I wish you could have given me more information regarding the particular market segment you are referring to serving in your website opportunity, for me to focus an answer. Well, there are various models globally that enable free-use websites revenue streams, but it is always because of an underlying service, and also because of the scale at which these websites attract users. For instance, the most famous website portals, Google and Yahoo, uses its various services including search, e-mail, news, instant messaging, video and photo sharing, blogs and other free services, to attract millions of users around the world to enter its portals. Since it has this loyal user base and traffic that is growing exponentially and daily, they then attract advertisers to pay every time a user clicks into an advertisement of a service as a result of a search. Google and Yahoo then makes money primarily as a virtue of the actual clickstreams that an advertiser turns into a pageview of the advertisers own products and services site.
There are also other models like my favorite iTunes, which has chosen to become primarily a media company. iTunes sells videos and music downloads which you can load into your computers and of course listen to using the venerable iPod music player.
Another category that is heating up is the area of user-generated content and social networking sites. Portals like Friendster, Deviantart.com and YouTube pioneered in these areas, with the biggest of them all, MySpace, at one-billion page views daily and accounting for 82 percent of the traffic in this category. They do not sell anything yet (they have 20 new products in the pipeline which I am sure will have set revenue models), and grew literally by connecting friends, and their friends and their friends, who share common interests of example photos, music, gossip and well, allow for free and self-censored self-expression.
Then, there is eBay, who sells anything anyone wants to sell, matching buyer and seller, building a global marketplace, and earning from commissions from the trade. EBay acquired the popular Skype from young entrepreneurs Niklas Zenstrom and Janus Friis for $ 2.6 billion, Rupert Murdoch’s News Corp. has this year acquired MySpace from young entreps Tom Anderson and Chris DeWolfe for $580 million, and of course, Google’s market cap is at its current trading price of $475 per share, makes it the third most valuable technology company in the US only behind Microsoft and Cisco and surpassing IBM. This values its founders Sergey Brin and Larry Page’s holdings at $14 billion each today.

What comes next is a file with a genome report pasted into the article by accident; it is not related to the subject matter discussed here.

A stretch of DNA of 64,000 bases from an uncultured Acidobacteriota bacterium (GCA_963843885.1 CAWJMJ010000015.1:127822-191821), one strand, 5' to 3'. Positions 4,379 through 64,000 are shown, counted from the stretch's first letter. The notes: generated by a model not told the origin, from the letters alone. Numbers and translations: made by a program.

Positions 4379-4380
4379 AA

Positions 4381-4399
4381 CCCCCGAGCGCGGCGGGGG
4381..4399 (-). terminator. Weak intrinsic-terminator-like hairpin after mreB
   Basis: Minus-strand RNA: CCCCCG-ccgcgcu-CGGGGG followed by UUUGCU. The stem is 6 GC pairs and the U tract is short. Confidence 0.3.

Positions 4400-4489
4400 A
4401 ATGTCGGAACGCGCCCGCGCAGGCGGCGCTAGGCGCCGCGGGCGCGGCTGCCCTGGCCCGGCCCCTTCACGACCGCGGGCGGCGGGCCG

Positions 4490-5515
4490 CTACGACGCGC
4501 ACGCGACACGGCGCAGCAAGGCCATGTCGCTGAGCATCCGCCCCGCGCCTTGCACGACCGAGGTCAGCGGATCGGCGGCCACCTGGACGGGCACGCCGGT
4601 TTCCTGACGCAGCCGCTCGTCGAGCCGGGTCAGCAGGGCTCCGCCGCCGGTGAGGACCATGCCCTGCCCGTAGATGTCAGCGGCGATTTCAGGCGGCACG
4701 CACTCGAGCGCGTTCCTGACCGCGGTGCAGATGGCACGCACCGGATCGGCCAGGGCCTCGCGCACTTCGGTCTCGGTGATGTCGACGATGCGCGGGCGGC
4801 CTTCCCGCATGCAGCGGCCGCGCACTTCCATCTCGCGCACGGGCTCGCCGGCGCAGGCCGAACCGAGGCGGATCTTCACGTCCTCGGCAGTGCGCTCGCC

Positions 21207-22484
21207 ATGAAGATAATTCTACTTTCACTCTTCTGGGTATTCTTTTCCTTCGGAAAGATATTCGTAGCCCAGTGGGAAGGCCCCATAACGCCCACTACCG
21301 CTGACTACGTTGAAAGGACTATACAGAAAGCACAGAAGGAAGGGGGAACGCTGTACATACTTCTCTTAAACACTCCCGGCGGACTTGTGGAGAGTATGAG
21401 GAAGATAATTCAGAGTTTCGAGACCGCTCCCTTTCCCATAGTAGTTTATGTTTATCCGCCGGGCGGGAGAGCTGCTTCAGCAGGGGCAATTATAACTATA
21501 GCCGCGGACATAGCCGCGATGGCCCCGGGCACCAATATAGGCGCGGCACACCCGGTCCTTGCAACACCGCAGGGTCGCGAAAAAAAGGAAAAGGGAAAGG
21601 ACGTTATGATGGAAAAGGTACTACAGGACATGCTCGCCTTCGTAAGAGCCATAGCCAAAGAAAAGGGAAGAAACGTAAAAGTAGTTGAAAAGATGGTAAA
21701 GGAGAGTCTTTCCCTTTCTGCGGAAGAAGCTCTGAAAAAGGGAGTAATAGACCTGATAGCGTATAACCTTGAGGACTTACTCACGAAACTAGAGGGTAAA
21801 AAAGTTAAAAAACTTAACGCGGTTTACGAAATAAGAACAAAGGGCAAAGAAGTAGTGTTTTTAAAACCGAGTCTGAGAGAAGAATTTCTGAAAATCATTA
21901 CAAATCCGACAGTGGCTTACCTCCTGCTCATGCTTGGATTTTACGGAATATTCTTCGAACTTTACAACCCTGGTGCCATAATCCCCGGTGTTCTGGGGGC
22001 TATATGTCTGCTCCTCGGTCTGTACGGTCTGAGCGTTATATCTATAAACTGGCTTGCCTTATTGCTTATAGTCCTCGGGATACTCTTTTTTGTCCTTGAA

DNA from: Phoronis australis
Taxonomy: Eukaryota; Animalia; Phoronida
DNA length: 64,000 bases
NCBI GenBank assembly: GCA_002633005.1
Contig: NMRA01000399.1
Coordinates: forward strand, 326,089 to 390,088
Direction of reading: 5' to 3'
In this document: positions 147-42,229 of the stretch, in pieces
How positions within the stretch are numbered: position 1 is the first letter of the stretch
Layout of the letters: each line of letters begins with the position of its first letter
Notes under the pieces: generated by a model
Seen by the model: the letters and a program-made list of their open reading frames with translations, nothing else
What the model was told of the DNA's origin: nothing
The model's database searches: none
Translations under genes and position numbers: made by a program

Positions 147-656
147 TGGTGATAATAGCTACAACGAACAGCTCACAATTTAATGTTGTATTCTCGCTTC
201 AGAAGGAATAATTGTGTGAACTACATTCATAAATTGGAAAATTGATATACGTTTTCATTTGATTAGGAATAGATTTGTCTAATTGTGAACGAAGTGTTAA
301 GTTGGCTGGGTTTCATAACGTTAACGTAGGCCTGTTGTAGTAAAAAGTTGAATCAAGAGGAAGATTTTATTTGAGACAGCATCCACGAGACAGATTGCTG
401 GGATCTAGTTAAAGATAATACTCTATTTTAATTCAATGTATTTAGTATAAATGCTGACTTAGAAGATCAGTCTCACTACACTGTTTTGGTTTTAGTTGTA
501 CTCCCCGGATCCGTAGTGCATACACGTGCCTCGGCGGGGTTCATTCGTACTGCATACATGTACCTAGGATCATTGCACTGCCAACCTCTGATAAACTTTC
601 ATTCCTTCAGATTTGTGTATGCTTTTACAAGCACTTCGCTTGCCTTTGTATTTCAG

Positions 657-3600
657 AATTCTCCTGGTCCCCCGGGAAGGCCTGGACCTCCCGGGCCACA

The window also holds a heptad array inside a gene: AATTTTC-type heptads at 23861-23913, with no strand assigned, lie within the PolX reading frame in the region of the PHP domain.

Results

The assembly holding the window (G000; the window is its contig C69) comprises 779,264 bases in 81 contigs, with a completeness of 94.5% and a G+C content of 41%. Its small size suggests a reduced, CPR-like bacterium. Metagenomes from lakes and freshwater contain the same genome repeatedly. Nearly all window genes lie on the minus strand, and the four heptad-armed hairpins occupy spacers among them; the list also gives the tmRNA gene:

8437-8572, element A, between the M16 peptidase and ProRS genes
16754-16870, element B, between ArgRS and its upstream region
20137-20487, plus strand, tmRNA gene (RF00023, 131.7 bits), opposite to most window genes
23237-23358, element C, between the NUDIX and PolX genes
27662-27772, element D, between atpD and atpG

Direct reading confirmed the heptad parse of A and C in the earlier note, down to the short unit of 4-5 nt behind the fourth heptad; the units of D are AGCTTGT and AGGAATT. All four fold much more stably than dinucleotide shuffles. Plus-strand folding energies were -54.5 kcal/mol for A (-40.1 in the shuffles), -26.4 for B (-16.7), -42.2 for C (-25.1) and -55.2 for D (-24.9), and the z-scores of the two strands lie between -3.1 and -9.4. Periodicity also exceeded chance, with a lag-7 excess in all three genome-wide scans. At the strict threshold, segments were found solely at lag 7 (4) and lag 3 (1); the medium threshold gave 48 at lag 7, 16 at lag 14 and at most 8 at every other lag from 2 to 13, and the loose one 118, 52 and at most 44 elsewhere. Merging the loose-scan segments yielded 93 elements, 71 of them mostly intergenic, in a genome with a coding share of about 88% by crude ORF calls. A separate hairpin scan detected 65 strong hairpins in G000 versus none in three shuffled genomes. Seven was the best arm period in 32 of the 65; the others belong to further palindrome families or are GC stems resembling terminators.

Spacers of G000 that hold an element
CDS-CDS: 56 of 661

Businesses have become worth more to its entrepreneur founders when they were selling it for its potential, than during the business itself, and continue to grow value for themselves and their stock holdings as the market rewards its successes as a public company.
These enormous valuations are of course a result of the huge addressable markets globally, which the Internet allows, whose market cap potential may not necessarily be available to web entreps in the Philippines (YET!!) but we can glean some learnings:
Knowing very little about what you want to do, I would ask myself the following questions if I were to start a web business:
1) What need, behavior, desire is your site trying to serve? Will users come back to your site? What’s the X-factor that makes it different?
2) How do I monetize these page views or clickstreams? Meaning, while there are various payment options such as credit cards, mobile payments, how will you get paid for your products and services through your site? In the country, there are very little payment mechanisms viable, but maybe this is where the magic sauce can lie, if you can find a good and easy way to monetize your sites services.
3) Will it build a community to generate enough traffic and scale for it to attract investors or advertisers? When I say community, I mean common interests, demographics, needs of users that create continued visits. For example, some Philippine sites are developing themselves to cater to the most obvious target markets…overseas foreign workers, and building simple business models as sending gifts back home. It is limited, but has potential to get aggregated into some other OFW related services in the future.
Hope these views help.
(Myla Villanueva founded the mobile application development firm Wolfpac and broadband wireless provider Meridian, two companies acquired by Smart Communications Inc.)